Queenie by Candice Carty-Williams
The British Book Awards AKA the Nibbies took place virtually this week and Queenie by Candice Carty-Williams was named Book of the Year as well as picking up Debut Book of the Year. Candice Carty-Williams becomes the first black writer to win this prestigious award, which is extremely well deserved but on another level is shocking.
First of all, a quick note, some of the publicity and reviews are calling this a 'Black Bridget Jones'. This is the equivalent of comparing breadsticks to a jigsaw. Both are great books but for me the only similarity is that both characters live in London. So please do not start this book expecting diary entries about weight loss and cigarettes smoked.
Queenie lives in London, works for a newspaper and is on a break from her boyfriend Tom. We witness the painful last throes of this relationship told through flashback before Queenie truly hits the self-destruct button; sleeping with a number of deeply unsuitable and worrisome men, nursing a bruised childhood, forgetting to eat and performing badly at work. All of this is played out against a background of racism, sexual harassment and the #BlackLivesMatter movement.
Now I apologise if I've made this book seem in any way gloomy because Queenie is truly wonderful, funny and uplifting! The opening chapters in the hospital as Queenie had a gynaecological exam had me howling! I adored Queenie's family; Her cleaning obsessed Grandmother, her water rates obsessed Grandfather, her deeply religious Auntie Maggie , sassy cousin Diana and her fragile bird-like Mother. Queenie's friends are equally awesome and I loved the use of whatsapp style conversations in the book between her friends. It felt modern and fresh.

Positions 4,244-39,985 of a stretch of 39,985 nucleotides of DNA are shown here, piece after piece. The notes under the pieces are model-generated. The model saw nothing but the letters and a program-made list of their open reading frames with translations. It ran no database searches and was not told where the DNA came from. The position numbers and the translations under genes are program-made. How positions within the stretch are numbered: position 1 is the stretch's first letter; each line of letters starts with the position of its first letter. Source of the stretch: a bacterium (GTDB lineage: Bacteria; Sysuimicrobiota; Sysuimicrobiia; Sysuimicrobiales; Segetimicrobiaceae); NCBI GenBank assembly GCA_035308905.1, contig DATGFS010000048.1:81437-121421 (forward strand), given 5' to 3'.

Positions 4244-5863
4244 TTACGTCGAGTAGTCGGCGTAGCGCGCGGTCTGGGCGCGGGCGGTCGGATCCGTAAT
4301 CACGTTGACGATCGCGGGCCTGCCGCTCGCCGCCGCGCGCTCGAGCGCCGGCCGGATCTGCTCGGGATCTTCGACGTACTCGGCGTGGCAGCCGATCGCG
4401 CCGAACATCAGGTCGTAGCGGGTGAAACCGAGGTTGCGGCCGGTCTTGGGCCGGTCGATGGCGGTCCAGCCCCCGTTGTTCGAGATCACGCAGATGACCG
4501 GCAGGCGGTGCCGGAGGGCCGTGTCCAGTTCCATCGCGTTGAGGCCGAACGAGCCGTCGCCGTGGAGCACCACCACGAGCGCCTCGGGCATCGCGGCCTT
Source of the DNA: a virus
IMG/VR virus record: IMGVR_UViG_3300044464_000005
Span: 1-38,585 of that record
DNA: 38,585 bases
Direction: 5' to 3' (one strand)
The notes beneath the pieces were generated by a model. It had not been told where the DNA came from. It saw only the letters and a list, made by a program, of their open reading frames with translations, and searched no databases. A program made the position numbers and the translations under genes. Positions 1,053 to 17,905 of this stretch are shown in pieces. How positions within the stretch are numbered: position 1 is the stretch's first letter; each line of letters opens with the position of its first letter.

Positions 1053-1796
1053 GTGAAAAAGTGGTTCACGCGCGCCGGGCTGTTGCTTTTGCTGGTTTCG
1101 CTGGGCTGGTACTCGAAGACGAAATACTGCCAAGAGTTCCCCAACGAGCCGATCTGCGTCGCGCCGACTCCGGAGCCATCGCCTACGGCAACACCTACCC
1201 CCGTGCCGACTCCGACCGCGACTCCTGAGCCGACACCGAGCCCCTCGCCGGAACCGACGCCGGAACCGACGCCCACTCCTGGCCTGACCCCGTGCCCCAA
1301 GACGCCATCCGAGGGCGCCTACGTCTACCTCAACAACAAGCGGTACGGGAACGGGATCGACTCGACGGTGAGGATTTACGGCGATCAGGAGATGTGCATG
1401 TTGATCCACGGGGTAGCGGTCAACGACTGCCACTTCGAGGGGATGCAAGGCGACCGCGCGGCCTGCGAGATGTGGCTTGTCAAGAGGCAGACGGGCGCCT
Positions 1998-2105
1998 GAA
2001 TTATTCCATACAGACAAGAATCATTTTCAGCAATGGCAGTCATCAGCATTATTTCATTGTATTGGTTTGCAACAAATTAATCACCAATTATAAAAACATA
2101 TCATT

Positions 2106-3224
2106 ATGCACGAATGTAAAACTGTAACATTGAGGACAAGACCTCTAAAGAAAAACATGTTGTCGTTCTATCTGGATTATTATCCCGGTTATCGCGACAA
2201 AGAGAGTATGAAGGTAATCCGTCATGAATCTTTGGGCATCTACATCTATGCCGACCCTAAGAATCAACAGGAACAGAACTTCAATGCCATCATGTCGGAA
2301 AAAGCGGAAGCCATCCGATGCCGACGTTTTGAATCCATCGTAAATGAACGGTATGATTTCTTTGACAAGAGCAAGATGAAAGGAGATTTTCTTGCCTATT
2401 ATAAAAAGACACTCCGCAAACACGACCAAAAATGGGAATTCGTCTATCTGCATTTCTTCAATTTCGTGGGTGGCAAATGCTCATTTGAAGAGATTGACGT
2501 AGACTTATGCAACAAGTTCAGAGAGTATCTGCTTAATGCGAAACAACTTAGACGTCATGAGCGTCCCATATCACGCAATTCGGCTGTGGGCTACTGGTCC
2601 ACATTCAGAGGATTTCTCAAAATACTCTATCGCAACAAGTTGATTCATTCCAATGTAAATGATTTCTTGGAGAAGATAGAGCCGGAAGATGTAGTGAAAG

As Queenie's mental health starts to crumble, we are given an insight into the Caribbean culture's attitude towards mental health and the perception that to seek help is something to be ashamed of and should always be kept 'in-house'. Queenie's journey through counselling is detailed and her family and friends rally round.
Queenie's low self opinion comes partially from her experiences as a black woman. For example, a woman in a club touches Queenie's hair and when Queenie protests is unfairly kicked out for 'causing trouble'. Queenie's dating experiences are truly horrific with men posting horrific messages about the colour of her skin and some treat her appallingly believing that the colour of her skin means she will be OK with it as if in some way she is a second class citizen.
Queenie's mental health journey is written sensitively. We don't have a pretty little band aid to 'cure' Queenie's mental health and she isn't magically made better forever. Instead, through counselling and support, Queenie's self-worth rises and this is the key message. Believe in yourself.
This novel feels real and is awesome. I loved the character Queenie and I loved her friends and family. The novel opens a window on being a young black woman in the UK and provides a spotlight on mental health. It is funny and awful and sad and ultimately joyous with a big heart. It is a very well deserved Book of the Year.